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Scattered Clouds 43° Good Evening

Home cookin' for many Giants is Cajun flavored

Landon Collins said he's looking forward to the food. Rueben Randle said he's excited to see his family. Eli Manning said he's just going to play football.

As the oddly large contingent of Giants players with roots in Louisiana -- and New Orleans in particular -- prepared for Sunday's game against the Saints, each seemed to have his own reason for looking forward to the trip to The Big Easy. What they all hope is that they will leave with the same smile they sported when they arrived "home" Saturday afternoon.

Nothing can deflate the excitement of a homecoming like a loss. And Manning might know that better than anyone else.

The Giants quarterback is 0-2 in his two NFL games at the Superdome, which would not be worth mentioning were it not just a few blocks from where he grew up, where his father, Archie, was a heroic figure on a string of miserable teams, and where he spent many Sunday afternoons of his youth watching the Saints while his dad broadcast the games locally.

Manning said he can't be sure, but he thinks he probably was there with his pop the last time the Giants won a game in New Orleans. In 1993. When he was 12.

Since then, the Giants have lost their last four visits. The last two, with Manning at quarterback in 2009 and 2011, were lopsided games with a combined score of 97-51. Before those games, Manning spoke fondly of returning to his roots. This time, nostalgia is taking a backseat.

"I'm not seeing family before the game or anything," he said. "It's the next game. We're going to New Orleans to try to get a win."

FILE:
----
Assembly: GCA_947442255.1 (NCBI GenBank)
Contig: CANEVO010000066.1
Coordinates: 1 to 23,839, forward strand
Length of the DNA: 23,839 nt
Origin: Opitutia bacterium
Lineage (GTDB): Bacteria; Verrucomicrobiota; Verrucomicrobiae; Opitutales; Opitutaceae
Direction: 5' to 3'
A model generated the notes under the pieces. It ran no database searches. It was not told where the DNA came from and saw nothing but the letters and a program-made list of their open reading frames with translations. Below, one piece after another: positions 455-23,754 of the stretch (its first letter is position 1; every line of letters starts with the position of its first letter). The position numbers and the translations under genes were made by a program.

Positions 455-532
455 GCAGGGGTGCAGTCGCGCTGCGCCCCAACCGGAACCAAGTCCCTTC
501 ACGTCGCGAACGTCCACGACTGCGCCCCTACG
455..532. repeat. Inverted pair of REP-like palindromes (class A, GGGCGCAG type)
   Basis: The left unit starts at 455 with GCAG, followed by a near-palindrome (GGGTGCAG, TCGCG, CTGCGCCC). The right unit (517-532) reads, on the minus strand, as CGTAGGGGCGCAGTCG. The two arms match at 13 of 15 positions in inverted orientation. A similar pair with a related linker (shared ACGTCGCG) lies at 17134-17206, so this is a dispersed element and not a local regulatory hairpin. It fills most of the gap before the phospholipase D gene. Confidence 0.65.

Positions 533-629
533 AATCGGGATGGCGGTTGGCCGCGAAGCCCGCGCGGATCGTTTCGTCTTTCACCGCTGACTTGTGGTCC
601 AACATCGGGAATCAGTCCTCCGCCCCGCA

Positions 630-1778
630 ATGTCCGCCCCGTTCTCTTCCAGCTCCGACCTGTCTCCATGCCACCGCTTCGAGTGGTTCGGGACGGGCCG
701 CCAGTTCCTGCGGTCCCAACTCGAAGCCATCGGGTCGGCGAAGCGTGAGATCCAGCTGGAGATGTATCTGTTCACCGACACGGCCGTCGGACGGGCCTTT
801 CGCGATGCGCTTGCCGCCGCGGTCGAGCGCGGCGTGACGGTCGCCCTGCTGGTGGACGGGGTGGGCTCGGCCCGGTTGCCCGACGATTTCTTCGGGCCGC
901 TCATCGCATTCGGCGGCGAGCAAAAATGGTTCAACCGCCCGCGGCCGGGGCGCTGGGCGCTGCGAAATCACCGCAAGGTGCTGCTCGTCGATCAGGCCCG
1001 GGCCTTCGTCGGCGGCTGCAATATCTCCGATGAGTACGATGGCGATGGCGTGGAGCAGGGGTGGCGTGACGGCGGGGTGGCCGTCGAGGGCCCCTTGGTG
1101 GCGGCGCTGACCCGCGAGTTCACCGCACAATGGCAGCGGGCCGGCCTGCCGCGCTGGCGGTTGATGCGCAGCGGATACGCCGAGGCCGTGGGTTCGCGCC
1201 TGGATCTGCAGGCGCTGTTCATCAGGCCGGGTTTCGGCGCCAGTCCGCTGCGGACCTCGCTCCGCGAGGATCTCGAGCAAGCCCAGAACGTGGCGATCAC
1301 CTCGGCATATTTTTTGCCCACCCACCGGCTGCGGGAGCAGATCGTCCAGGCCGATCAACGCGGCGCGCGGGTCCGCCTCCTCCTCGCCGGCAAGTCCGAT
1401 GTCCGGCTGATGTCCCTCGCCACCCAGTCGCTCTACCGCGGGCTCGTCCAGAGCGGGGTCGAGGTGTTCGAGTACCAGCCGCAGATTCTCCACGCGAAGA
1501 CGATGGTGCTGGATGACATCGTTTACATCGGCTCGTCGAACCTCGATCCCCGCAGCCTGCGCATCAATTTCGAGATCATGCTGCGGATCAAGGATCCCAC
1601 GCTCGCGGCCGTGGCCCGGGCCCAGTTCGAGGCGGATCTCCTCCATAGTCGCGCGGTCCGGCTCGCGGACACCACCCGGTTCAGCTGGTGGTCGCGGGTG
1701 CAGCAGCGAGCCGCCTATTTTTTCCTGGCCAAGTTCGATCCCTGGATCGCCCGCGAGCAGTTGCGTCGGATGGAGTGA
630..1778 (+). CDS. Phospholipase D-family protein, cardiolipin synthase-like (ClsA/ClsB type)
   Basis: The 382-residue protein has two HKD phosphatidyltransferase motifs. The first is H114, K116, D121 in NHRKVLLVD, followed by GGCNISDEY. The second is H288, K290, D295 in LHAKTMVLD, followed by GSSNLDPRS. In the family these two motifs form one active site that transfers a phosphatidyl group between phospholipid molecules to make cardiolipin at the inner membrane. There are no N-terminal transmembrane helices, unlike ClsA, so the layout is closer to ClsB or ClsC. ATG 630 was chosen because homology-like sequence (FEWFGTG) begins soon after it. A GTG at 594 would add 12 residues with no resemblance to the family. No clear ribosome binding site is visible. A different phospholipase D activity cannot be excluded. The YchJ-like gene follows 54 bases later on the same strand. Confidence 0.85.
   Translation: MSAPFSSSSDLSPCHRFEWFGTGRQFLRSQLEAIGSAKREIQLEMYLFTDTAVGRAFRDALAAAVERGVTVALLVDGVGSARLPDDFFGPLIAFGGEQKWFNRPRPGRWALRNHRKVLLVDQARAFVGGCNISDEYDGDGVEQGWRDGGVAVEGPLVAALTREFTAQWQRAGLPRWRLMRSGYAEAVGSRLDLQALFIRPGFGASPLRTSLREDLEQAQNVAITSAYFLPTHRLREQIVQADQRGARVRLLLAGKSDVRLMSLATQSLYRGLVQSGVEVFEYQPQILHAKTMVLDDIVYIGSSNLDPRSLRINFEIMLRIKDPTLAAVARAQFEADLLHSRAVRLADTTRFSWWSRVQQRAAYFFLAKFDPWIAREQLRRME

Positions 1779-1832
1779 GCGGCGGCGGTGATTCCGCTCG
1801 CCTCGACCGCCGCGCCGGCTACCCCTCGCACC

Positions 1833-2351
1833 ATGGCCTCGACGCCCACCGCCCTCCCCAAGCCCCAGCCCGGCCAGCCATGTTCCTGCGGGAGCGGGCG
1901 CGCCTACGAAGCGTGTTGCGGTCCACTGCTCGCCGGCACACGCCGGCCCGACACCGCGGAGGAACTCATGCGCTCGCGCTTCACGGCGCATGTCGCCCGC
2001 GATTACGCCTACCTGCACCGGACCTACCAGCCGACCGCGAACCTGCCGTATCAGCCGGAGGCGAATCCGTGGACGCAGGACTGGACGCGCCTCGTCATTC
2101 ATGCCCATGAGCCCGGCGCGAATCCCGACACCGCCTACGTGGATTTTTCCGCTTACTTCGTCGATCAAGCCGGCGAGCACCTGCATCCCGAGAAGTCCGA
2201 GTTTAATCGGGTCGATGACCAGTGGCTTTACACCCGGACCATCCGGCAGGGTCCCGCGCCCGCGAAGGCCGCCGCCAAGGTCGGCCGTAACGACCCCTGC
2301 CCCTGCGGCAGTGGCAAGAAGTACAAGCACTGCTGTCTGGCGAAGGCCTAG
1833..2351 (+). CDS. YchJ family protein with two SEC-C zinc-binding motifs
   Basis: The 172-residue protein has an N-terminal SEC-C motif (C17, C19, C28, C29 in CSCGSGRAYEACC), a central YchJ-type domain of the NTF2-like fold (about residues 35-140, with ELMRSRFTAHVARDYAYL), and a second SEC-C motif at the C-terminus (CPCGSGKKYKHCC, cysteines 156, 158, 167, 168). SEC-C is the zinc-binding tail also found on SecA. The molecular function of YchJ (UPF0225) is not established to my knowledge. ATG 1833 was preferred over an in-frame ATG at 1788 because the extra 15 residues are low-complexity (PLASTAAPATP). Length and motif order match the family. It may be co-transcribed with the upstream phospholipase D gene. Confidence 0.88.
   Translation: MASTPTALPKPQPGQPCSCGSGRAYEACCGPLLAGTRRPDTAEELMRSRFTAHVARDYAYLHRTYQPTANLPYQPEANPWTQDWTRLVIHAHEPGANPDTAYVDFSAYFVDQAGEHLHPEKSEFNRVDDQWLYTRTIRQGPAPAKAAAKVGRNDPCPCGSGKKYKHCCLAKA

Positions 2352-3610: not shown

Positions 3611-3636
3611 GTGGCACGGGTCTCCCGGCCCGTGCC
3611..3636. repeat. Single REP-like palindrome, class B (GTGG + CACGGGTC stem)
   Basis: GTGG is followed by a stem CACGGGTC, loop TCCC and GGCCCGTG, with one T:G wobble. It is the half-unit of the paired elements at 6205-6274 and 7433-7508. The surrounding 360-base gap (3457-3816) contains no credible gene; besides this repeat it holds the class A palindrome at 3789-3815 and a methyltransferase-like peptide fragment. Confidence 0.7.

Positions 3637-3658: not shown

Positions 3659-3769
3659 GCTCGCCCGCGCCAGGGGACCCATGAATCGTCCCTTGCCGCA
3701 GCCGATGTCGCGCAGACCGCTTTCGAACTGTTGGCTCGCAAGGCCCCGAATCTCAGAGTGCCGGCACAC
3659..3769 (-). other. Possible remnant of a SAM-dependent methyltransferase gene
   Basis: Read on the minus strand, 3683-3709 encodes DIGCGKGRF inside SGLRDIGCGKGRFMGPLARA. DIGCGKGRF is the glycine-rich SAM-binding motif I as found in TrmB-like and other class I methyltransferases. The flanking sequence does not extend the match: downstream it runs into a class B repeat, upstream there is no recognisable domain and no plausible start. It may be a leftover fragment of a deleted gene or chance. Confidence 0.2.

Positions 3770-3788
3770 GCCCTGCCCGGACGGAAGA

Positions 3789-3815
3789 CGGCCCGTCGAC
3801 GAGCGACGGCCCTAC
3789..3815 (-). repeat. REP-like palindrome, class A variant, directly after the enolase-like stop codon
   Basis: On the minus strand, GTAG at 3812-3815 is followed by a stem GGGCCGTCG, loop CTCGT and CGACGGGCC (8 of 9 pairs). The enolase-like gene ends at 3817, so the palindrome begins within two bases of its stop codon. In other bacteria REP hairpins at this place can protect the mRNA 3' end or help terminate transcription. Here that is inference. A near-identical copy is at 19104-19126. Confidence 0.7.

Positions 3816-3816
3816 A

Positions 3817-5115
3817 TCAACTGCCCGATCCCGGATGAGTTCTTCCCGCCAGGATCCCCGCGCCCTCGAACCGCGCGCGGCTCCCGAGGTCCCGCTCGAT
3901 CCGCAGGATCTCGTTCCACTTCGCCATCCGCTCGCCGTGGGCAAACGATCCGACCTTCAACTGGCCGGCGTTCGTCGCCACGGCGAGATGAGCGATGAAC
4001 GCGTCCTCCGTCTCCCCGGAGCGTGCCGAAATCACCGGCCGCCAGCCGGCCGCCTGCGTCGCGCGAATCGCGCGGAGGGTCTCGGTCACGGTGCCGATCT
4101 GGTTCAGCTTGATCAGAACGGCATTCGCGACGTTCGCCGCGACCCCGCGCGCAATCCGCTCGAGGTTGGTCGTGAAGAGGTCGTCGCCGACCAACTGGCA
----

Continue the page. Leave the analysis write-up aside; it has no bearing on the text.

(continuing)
That doesn't mean he begrudges the other players, many of whom are returning for the first time in their pro careers. Manning and Tom Coughlin did, however, issue a Super Bowl week-type warning to take care of ticket requests and other nuisances early in the week so that when the Giants did arrive, they wouldn't be overwhelmed.

"I'm sure he's excited to go back to his hometown," Manning said of Odell Beckham Jr. in particular and the Cajun Contingent as a whole. "You have to keep the focus on the game and your assignments and your play and don't get too excited or overworked. Don't try to do more than you have to."

There still will be time to enjoy the splendors of home, of course. Collins said he's been hit up for about 15 tickets from family and friends. Randle, who grew up about four hours north of New Orleans and played at LSU, said he's on the hook for only four tickets but expects a crowd of about 25 to 30 there to support him and the Giants.

"It'll definitely be a reunion," Randle said. "My parents are handling the situation. I'll be looking forward to seeing them at the hotel once we get there."

While this is an NFL debut for many of the locals, almost all of them have played in the Superdome before, either in college or high school. Collins, the rookie safety, said he went to four or five Saints games when he was growing up and then played in two Sugar Bowls there with Alabama. Randle, Beckham and punter Brad Wing all played there for LSU.

"For me, it's like second nature, having been there so often," Collins said. "It's my home. It's nothing to me. I just love being there, especially the food."

Collins said even though he grew up in New Orleans, he wasn't a fan of the Saints. He rooted for another team. But even that allegiance had roots in the area.

"I was always a Colts fan at the time," he said.

Inspired to be one, he quickly noted, by a fellow New Orleans product by the name of Peyton Manning.

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